Palisades9VPalisades Mega Ultimate Maximum Overdrive

EarthQuaker Devices, based in Akron OH, a manufacturer of hand-built guitar effect pedals that’s been wowing its devoted fans since 2004, creates devices that represent a diverse assortment of categories, which range from boost/EQ and compression to delay/reverb and fuzz, plus modulation, octave and overdrive. The company ensures its success not only through its expertise crafting exceptional pedals but also by listening to its customers and delivering the products they demand. The Palisades Mega Ultimate Maximum Overdrive (MAP: $249.95) is a prime example. Jamie Stillman, President of EarthQuaker Devices, remarked, “We had received a lot of requests over the years for a Tube Screamer-styled overdrive, but we’d never really had anything that fit the bill. I was never a fan of any TS-styled pedal I had tried. But, since we were receiving so many inquiries, I figured I should maybe go back and revisit the pedal.” As it turned out, that decision was an auspicious one.

“I don’t know what I was hearing all those years,” Stillman continued, “but, now, I really like the mid bump and note clarity you get from a stock Ibanez TS808.” Because the boutique pedal market is flooded with TS-based overdrives, Stillman set out to make a unique finished product. The first step was procuring several TS-based overdrives, plus a vintage TS808 and a reissue TS9, to see what they had to offer. “I did a lot of Internet research to see what mods people liked and what had been done to death,” he added. Then, he spent about six months with the circuit on the breadboard.

“I started with the basic TS808 circuit and went from there,” Stillman revealed. He began by experimenting with the EQ section. “Although I liked the mid bump, I wanted to flatten it out a bit and allow more bass to pass through,” he explained. “That’s where the ‘bandwidth’ control came into play. I found so many settings that I decided to add a rotary switch to choose anything from a tiny, thin setting through to a full-on bass, heavy setting.” Then, he experimented with different diode combinations. “The diodes make all the difference with compression, output, clipping styles, harmonics and the general feel of the circuit,” Stillman emphasized. “There were actually quite a few combos I liked a lot, but I decided to stick with the ones on the production model because they had the most even shift between settings and offered pretty much anything I’d want.”

Then, Stillman experimented with op amps, bringing in about 25 different ones and spending weeks listening for major differences. “I settled on the LM833,” he explained, “because it had a little less background noise than all the others in this particular circuit.” The final stages were adding the bright switch, buffer switch, second gain channel and a post boost. “Those were all decisions I made after trying out the circuit in a live setting,” Stillman noted. The resulting product, the Palisades, a TS808-styled overdrive, arguably exceeds all other pedals based on the circuit. Whether a player wants thin and clean or fat and heavy, it’s all available with adjustable bandwidth and voice controls.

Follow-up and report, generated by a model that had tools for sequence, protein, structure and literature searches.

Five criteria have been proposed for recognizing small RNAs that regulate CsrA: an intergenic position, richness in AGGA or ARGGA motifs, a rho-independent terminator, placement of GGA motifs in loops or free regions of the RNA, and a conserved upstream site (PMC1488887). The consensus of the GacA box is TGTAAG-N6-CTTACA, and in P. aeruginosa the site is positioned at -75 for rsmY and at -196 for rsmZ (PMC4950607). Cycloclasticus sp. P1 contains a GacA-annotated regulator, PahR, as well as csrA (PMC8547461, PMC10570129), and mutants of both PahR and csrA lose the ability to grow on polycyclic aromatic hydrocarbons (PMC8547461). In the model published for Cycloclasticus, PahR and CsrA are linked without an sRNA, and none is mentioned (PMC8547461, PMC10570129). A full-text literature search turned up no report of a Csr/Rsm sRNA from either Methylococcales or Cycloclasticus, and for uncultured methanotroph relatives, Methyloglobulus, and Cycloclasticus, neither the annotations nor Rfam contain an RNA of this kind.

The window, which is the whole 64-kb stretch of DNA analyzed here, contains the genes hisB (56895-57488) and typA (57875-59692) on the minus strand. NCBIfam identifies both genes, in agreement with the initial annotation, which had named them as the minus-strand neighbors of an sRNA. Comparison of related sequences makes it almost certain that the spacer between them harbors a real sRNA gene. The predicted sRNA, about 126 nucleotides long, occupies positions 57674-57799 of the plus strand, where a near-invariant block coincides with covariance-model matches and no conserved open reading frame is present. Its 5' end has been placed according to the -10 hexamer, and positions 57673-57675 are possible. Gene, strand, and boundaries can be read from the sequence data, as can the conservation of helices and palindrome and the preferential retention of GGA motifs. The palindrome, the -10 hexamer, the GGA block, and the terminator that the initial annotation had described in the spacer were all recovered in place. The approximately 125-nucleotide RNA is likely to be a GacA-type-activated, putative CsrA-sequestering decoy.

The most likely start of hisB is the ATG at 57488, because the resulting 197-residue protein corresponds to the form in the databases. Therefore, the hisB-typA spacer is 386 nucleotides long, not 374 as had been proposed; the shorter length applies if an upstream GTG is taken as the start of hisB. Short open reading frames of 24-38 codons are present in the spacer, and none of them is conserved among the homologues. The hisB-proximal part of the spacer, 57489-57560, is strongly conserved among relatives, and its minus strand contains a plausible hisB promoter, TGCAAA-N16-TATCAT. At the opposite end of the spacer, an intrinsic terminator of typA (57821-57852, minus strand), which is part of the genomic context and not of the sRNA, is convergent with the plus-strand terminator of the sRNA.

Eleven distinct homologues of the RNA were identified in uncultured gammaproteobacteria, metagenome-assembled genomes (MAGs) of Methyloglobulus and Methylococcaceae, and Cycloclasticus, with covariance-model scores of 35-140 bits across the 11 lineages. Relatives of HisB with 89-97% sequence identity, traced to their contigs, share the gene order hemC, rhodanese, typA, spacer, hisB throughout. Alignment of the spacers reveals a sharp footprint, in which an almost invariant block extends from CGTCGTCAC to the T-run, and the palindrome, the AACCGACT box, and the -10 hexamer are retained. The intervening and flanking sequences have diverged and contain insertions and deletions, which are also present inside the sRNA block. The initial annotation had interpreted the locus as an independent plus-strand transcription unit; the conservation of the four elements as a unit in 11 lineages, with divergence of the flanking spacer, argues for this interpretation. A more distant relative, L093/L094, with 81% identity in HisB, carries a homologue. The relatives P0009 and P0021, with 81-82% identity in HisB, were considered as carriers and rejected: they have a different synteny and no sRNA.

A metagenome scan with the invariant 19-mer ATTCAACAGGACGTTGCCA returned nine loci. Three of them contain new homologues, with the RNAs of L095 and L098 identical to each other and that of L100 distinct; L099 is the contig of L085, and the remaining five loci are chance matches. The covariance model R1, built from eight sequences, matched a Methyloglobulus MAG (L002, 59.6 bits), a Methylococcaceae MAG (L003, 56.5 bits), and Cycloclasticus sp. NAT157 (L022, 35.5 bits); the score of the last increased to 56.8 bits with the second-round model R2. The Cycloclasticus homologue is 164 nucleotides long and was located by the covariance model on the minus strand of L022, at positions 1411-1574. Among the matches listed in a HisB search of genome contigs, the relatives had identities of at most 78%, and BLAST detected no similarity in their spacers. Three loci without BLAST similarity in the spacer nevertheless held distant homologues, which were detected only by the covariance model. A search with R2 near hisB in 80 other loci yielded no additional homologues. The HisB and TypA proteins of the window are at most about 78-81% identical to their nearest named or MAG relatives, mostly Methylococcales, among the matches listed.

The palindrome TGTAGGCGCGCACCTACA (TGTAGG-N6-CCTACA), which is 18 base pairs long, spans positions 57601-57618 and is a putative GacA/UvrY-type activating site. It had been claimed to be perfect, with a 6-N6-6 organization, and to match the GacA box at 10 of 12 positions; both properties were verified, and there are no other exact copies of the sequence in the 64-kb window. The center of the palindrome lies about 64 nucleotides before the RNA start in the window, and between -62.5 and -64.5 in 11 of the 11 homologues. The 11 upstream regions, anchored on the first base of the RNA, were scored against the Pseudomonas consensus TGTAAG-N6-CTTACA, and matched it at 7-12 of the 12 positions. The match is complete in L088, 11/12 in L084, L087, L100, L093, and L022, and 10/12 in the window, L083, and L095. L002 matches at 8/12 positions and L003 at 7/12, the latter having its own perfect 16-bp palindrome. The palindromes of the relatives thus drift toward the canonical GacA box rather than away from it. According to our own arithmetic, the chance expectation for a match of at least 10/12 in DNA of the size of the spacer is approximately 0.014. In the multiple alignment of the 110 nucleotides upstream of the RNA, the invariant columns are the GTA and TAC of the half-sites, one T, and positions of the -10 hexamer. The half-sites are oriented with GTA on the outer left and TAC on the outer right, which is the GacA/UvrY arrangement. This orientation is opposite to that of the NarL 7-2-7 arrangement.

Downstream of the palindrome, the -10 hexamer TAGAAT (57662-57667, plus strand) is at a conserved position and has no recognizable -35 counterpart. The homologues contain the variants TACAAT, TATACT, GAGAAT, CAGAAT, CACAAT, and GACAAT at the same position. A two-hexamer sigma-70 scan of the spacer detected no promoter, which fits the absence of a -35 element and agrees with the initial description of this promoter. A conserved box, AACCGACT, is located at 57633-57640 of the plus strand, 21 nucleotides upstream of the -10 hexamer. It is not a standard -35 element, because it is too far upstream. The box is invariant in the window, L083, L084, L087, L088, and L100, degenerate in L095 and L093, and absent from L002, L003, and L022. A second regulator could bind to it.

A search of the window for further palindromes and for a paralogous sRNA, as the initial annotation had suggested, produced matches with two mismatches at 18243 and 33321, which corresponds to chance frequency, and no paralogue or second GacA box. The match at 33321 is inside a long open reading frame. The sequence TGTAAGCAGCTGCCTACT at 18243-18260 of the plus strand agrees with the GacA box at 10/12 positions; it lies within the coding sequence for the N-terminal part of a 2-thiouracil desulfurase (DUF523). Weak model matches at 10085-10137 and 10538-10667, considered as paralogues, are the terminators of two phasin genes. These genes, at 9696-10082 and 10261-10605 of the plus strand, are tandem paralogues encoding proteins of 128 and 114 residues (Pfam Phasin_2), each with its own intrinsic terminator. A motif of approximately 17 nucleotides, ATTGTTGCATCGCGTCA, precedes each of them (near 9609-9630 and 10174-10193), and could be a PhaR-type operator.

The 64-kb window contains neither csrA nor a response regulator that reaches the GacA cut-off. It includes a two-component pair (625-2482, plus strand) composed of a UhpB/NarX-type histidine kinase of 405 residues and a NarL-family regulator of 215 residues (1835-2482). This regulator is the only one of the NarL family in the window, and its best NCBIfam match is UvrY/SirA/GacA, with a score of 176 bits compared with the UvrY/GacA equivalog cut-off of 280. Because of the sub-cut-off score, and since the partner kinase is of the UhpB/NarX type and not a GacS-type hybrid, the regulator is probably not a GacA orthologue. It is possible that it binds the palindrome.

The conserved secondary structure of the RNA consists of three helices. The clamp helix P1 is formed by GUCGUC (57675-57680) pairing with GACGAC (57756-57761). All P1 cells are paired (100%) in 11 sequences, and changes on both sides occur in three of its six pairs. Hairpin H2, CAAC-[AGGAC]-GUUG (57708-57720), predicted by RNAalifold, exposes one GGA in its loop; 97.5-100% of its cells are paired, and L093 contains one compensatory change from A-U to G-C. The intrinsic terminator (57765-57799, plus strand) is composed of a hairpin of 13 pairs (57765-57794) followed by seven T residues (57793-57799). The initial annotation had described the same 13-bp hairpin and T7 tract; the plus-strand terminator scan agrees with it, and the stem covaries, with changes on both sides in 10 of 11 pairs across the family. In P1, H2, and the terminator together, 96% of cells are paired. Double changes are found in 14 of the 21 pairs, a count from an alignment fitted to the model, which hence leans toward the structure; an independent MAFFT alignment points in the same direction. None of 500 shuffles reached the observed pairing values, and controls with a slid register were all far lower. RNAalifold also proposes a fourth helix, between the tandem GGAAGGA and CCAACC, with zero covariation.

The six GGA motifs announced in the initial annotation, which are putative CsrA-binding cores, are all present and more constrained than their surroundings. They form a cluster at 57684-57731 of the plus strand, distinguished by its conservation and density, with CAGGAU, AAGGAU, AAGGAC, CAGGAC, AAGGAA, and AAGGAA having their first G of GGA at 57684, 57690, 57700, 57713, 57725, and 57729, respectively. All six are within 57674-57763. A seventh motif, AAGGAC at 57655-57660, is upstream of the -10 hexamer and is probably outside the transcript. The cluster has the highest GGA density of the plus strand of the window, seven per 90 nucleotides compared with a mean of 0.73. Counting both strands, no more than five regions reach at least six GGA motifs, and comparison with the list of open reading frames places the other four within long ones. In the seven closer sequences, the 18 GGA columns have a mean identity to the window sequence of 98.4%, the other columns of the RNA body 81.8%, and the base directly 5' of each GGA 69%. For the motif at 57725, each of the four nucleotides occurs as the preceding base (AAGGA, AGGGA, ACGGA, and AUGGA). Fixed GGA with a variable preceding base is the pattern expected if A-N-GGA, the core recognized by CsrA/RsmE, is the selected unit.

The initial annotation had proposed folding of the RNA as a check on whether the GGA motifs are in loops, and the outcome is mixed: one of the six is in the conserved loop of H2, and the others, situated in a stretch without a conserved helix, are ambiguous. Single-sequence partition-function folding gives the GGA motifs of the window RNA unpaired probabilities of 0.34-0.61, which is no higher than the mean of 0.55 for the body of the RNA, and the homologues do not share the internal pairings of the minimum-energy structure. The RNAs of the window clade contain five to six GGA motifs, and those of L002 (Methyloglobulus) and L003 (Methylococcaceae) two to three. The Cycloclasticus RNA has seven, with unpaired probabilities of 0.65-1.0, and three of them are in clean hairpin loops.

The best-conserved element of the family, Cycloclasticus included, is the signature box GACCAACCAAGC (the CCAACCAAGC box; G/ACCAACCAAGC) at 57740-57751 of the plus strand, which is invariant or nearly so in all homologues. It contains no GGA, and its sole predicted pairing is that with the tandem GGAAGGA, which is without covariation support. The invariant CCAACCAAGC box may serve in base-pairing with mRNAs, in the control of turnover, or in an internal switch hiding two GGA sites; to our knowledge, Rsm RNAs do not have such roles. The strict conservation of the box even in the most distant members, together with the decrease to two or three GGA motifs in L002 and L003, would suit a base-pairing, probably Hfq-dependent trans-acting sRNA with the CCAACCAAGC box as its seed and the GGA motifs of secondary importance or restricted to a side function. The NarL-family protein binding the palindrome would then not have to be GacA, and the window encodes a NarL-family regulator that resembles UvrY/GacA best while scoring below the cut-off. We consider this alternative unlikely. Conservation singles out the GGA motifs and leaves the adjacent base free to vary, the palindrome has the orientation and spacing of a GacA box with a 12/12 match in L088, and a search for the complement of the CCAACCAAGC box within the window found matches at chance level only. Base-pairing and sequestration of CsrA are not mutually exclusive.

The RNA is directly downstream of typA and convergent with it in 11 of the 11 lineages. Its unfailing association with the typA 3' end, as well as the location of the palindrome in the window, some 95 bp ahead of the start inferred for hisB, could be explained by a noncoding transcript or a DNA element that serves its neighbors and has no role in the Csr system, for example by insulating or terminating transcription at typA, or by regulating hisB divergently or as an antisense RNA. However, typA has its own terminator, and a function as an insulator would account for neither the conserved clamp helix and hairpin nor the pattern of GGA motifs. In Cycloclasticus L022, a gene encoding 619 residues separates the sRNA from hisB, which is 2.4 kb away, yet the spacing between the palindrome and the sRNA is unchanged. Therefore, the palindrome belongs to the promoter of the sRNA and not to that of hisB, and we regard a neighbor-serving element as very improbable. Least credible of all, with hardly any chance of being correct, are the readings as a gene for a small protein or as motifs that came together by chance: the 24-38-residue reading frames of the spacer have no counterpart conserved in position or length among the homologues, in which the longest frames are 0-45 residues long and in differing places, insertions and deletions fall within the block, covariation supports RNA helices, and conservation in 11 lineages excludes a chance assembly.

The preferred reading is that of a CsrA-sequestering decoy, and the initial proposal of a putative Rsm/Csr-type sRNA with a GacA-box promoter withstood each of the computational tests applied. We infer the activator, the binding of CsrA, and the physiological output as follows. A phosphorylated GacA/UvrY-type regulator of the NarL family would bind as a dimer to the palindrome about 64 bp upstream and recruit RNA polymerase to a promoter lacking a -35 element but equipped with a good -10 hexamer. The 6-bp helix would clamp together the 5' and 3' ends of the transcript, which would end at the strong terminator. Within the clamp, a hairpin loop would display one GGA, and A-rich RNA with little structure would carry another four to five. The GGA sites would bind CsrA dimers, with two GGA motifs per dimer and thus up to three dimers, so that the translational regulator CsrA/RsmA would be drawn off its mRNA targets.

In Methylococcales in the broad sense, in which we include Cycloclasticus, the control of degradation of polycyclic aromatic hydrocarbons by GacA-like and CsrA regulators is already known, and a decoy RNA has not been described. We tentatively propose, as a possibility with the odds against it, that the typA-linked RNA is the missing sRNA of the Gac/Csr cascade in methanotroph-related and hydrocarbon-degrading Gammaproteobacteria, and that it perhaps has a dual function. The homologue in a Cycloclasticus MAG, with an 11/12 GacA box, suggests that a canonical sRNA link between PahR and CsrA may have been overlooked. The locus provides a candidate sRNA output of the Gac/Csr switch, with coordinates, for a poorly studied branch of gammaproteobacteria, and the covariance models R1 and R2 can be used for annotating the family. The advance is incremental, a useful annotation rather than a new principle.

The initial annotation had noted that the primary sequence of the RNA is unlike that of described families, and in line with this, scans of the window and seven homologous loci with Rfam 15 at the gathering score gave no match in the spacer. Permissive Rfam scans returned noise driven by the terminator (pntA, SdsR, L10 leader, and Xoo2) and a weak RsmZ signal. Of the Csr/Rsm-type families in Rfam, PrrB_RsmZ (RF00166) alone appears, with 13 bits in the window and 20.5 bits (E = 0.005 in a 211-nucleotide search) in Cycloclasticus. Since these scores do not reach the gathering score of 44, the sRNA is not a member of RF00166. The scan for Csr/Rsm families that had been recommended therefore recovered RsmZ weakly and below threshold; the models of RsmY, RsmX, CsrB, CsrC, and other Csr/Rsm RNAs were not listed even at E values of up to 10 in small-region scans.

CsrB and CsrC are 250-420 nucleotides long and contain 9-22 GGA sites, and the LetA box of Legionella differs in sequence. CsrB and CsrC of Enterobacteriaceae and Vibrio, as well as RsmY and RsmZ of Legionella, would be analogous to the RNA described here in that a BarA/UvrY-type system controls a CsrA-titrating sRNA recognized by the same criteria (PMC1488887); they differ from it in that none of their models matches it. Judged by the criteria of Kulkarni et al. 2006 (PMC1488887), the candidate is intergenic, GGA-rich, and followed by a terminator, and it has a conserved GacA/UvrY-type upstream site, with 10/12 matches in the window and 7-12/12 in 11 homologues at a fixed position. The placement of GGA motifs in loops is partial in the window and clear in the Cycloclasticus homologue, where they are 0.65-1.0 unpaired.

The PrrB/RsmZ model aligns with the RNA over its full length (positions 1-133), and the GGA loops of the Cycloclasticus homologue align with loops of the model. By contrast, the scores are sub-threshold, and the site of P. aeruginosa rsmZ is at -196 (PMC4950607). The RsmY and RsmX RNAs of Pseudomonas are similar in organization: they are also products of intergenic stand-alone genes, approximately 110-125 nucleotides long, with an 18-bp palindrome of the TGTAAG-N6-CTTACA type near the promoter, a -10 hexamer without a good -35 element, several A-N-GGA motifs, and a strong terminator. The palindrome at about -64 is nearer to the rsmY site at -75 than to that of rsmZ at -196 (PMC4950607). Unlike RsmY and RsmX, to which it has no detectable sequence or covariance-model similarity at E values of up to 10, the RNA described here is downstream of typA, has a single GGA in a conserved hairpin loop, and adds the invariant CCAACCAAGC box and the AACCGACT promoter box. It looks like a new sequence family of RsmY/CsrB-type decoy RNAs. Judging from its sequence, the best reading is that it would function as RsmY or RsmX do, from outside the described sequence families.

Some TS variants offer three clipping options, but Stillman wanted more, employing the rotary switch to choose between them. “Option 1 is no diodes,” he explained. “It gives the loudest and least clipped signal. It’s good for people who use the TS as a boost.” He continued, explaining, “Option 2 is LED clipping, which has been quite popular in the past. It still gives a lot of volume, but adds a little hair. Option 3 is MOSFET clipping…another popular clipping style. To me, this setting sounds the most like a Marshall amp: good crunch with nice harmonics. Option 4 is asymmetrical silicon diodes. It has kind of a ‘clean gain’ type feel. Option 5 is symmetrical silicon diodes. It’s similar to asymmetrical, but has a tighter feel and works well with palm muting. Option 6 is Schottky diode clipping, which has an almost fuzz-like quality to it.” Going up the dial, each of these diode groups clips the signal a little more.

The bandwidth control completely changes the characteristics of the diode clipping and what frequencies are allowed to pass. “At Setting 1,” Stillman began, “it allows very little clipping in almost all the voice settings and allows very little bass to pass through.” He continued, “As you turn the bandwidth up, it starts to clip more of the upper frequencies and allows more bass to pass through.” Setting 3 on the bandwidth and Option 4 on the voice, he said, is as close to an actual TS808 as the Palisades gets. Summarizing, Stillman stated, “I changed a lot of things, taking it away from being a straight-up TS clone with clipping and tone options. It won’t nail a TS808 perfectly, but it’ll get close while still remaining unique.”

Also setting the Palisades apart are its two gain channels and foot switchable volume boost. According to Stillman, “The channel switch is literally switching between two pots; nothing else in the circuit changes.” He added, “I found myself always using two or more overdrive pedals to go from my main tone to a heavier, distorted tone in loud sections of songs or to boost lead lines. The two gain channels and boost seemed like a no-brainer to me and knocked three pedals off my board!”

In what is likely a surprise to no one, the response thus far to the Palisades has been overwhelmingly positive; people love it. According to Stillman, “We get a lot of comments on how it has freed up space on pedal boards by knocking off two or three other overdrive and boost pedals. A lot of people have gotten a lot of use out of all the options in the studio, as well.”

The Palisades, shipping now, would be a welcome addition to your shelves.

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